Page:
Although companies ultimately make such decisions on a compound-by-compound basis, the implementation of these alternative R&D-investment approaches has the greatest impact when applied across an entire portfolio to balance the overall risk–reward profile for a company and its investors. A company could, for example, finance high-risk late-stage programs externally to free up capital in order to purchase options on early-stage programs. But companies can also apply these tools selectively to fine-tune the risk–reward profile within segments of a portfolio, allowing a company to respond more flexibly to market opportunities or perceived price/value gaps. A company may partner to access capacity and financing in a capacity-constrained disease area, for instance, while leveraging latent capabilities in other parts of the organization to incubate early-stage companies struggling with the ongoing financial crisis.
It’s important to recognize that while these models can help companies allocate capital and development resources more flexibly, and in some cases to cut operating and capital costs, they’ll enhance R&D portfolio productivity only if they deliver additional successful programs with lower cost or risk. No matter how small the additional investment, advancing more failed programs will drag down portfolio returns. Innovative financing and partnership approaches can improve a program’s financial-risk profile but won’t drive value unless they’re based on sound technical and clinical decision making.
Purchasing low-risk options
Let’s start at the upper-left corner of Exhibit 3’s four-box framework—risk capital available on reasonable terms but operating-capacity constrained or expensive. These models generally aim to create options to access promising programs with the lowest possible up-front commitment of money or resources. By applying different venture-like models, companies can get more information about available external opportunities and gain a preferred position for partnering or acquiring the most attractive assets.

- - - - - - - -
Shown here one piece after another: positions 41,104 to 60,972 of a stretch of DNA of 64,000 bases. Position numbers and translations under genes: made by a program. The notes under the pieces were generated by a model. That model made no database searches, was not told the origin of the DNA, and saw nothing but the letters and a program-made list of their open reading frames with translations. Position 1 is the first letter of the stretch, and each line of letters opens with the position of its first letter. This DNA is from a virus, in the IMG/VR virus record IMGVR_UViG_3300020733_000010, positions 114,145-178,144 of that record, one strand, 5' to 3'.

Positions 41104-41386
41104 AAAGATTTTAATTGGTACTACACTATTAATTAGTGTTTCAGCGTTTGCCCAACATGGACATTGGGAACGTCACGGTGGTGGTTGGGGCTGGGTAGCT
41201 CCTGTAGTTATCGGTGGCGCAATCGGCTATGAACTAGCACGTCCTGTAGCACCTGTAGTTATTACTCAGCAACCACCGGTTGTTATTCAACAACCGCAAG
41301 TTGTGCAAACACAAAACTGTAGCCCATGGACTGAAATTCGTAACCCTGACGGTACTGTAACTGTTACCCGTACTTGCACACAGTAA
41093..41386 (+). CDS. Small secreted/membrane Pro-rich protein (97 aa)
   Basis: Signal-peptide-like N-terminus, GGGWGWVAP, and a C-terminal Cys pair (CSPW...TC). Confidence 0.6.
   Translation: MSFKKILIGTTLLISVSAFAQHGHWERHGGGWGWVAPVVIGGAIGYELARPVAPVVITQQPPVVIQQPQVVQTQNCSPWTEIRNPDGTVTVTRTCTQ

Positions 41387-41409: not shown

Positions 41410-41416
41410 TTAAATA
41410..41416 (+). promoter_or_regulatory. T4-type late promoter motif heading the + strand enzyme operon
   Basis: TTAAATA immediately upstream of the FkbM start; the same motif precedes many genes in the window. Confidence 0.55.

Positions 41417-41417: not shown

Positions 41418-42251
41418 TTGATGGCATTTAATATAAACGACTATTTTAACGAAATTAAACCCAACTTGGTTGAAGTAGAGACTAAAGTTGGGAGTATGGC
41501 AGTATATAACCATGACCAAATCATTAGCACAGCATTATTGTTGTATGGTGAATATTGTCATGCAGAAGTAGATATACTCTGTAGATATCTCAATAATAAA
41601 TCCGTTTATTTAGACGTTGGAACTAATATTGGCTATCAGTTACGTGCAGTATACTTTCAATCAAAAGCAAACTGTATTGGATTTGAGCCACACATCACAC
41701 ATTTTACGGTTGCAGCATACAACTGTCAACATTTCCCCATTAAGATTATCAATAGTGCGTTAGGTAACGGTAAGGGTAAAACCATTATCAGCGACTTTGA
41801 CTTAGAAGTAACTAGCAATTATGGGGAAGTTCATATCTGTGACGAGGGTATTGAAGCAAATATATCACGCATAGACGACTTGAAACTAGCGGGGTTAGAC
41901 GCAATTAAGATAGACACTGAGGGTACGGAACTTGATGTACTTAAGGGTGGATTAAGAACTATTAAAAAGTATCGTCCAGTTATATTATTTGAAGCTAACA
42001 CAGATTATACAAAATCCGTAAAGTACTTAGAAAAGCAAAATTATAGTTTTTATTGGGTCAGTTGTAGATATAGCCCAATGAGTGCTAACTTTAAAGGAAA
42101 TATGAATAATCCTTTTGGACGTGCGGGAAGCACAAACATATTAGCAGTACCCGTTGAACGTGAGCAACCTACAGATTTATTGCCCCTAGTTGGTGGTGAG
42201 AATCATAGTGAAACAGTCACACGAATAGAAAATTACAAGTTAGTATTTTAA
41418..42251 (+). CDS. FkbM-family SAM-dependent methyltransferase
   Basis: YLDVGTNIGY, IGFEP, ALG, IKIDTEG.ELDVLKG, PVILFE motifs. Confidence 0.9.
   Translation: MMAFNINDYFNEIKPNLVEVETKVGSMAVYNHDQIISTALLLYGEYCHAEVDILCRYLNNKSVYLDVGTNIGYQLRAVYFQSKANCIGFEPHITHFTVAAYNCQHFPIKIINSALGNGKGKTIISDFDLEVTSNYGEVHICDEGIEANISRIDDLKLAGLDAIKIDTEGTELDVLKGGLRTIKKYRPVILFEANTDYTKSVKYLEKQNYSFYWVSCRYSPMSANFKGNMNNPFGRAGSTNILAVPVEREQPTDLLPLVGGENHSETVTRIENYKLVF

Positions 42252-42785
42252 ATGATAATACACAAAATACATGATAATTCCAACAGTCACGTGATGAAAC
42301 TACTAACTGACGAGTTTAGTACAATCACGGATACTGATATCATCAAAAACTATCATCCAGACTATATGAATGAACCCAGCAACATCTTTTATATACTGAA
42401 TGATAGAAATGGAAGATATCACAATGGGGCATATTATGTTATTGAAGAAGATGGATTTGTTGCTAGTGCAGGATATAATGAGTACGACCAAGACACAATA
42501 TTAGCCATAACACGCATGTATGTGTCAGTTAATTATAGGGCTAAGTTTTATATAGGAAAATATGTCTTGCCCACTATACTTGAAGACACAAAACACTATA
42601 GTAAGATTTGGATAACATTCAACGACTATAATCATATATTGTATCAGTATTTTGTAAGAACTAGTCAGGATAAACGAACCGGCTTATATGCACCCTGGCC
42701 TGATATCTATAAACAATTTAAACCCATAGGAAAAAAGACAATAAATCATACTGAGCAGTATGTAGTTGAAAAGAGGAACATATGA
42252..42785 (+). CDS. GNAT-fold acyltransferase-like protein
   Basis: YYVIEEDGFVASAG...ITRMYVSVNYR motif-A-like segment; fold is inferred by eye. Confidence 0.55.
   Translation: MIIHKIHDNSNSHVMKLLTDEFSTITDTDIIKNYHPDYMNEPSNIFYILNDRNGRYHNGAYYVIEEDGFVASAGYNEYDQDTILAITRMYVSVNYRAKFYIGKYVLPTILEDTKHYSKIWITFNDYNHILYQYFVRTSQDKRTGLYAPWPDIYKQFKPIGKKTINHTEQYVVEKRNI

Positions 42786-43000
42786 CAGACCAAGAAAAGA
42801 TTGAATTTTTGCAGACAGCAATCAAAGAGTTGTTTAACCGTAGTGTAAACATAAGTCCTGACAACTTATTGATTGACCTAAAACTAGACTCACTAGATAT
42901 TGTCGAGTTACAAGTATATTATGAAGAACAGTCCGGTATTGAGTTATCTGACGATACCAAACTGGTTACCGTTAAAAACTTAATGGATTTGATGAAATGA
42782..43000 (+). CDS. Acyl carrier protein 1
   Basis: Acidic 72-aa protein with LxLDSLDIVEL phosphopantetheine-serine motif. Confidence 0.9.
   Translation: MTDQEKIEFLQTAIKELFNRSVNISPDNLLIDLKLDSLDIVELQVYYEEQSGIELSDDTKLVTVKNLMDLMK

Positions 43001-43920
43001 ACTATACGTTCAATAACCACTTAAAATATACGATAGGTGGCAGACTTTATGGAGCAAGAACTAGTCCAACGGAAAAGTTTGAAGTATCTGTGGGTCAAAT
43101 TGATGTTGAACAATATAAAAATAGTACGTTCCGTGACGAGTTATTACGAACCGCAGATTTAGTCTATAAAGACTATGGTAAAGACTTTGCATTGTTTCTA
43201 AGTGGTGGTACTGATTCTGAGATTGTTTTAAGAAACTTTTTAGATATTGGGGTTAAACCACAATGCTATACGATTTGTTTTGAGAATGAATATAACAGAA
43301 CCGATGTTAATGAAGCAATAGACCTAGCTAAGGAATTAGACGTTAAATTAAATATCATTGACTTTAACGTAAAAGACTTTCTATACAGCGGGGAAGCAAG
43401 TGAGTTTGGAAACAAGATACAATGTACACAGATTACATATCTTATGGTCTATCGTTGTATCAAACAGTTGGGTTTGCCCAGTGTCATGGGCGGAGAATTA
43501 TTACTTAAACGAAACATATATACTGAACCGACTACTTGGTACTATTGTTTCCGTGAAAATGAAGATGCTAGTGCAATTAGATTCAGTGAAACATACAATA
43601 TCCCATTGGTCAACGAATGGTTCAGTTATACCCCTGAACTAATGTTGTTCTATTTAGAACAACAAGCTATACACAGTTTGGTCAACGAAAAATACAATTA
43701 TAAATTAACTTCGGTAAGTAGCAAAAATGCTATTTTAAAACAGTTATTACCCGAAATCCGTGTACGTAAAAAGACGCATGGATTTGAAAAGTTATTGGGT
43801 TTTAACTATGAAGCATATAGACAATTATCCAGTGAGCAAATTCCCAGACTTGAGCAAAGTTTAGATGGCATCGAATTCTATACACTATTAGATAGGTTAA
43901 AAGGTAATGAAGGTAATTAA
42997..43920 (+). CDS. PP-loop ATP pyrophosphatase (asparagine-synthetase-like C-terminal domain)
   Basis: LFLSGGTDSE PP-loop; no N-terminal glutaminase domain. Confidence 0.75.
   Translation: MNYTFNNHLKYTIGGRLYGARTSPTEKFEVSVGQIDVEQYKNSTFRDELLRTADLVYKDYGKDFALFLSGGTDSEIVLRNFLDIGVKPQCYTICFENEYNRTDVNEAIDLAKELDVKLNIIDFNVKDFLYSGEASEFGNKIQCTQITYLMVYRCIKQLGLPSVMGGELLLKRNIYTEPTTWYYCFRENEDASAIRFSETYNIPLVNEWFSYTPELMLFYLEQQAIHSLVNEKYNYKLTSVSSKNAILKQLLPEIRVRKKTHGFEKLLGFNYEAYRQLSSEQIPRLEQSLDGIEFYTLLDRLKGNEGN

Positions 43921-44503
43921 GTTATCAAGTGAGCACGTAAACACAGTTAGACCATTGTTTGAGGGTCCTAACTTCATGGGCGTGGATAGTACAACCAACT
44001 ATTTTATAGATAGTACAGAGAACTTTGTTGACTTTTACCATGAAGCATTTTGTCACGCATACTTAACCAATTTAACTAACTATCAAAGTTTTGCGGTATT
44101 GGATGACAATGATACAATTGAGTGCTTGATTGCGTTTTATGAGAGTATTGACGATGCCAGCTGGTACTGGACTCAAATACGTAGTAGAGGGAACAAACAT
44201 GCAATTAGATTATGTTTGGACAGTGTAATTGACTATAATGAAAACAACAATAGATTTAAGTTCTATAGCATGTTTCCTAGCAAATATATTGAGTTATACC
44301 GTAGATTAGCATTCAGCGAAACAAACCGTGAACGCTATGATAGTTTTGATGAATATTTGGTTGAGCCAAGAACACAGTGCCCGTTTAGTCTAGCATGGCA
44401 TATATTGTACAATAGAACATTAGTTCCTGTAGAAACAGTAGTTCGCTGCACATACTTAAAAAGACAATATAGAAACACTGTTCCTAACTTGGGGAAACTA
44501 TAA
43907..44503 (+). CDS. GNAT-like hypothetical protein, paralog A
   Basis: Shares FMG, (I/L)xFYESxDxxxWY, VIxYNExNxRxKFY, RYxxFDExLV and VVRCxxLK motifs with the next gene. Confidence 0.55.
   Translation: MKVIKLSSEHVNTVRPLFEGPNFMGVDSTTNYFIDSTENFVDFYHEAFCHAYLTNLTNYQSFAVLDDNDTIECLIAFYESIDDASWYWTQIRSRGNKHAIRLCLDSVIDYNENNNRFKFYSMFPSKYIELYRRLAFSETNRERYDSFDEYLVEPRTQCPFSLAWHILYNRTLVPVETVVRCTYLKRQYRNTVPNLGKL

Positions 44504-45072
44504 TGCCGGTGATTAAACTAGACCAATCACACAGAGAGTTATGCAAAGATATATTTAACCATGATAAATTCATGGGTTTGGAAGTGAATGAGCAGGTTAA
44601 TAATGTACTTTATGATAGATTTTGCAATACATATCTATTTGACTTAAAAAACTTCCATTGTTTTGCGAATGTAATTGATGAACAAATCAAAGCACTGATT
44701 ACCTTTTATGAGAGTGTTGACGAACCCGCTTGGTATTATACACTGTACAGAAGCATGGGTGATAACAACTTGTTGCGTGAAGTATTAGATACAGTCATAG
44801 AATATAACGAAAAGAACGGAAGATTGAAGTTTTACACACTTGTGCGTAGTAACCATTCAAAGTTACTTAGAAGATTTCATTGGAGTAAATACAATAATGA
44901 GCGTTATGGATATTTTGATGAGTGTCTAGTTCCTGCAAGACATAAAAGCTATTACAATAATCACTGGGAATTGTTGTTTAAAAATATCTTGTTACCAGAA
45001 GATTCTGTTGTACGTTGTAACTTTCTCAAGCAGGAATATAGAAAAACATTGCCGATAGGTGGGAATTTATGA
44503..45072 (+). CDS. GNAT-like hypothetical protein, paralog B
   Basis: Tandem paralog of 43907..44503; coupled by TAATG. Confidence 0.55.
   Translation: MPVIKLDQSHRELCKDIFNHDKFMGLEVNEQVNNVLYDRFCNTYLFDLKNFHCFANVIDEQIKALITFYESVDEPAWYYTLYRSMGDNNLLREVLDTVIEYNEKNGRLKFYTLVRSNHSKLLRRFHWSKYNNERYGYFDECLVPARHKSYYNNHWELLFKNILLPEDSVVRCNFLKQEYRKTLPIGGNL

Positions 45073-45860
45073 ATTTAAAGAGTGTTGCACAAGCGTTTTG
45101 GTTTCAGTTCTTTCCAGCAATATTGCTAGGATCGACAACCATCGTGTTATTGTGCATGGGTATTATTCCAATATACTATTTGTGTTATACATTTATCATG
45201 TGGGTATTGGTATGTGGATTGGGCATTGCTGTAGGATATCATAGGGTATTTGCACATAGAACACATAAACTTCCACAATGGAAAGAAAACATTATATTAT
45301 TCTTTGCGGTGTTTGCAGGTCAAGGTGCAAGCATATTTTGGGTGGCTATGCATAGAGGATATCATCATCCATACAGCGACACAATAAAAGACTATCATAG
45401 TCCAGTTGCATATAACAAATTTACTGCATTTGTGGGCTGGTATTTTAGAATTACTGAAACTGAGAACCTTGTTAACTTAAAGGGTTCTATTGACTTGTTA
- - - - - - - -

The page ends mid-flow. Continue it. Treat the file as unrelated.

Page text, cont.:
Among these models, corporate venture capital has the longest history. A number of pharmaceutical companies have created venture arms, hoping to enhance deal flow and gain preferential access to attractive compounds. During the five years leading up to 2007, corporate venture capital represented more than 15 percent of all health care venture funding. While the financial returns from corporate venture capital have been buffeted along with the broader market, these investments are generally recognized to contribute strategic value to R&D portfolios.
Leading bioscience venture capital firms are exposed to more compounds, with a lower investment per compound, than the largest global pharmaceutical companies, which could similarly enhance their portfolio exposure through venture investments. Since 1996, Novartis AG, for example, has nearly doubled its pipeline exposure by allocating over $650 million—less than 15 percent of its annual R&D budget—to its venture funds (Exhibit 4). These venture investments are made through three complementary vehicles—the original Novartis Venture Fund; the Novartis Option Fund, focused on securing options to specific programs; and a coinvestment fund with MPM Capital. Through these investments, Novartis usually gains access to information about the products of portfolio companies and seeks to couple its investments with options on rights to future products. To date, more than ten portfolio companies have either licensed technologies to Novartis or agreed to collaborate with it.
Novartis has nearly doubled its pipeline exposure by allocating over $650 million to its venture funds.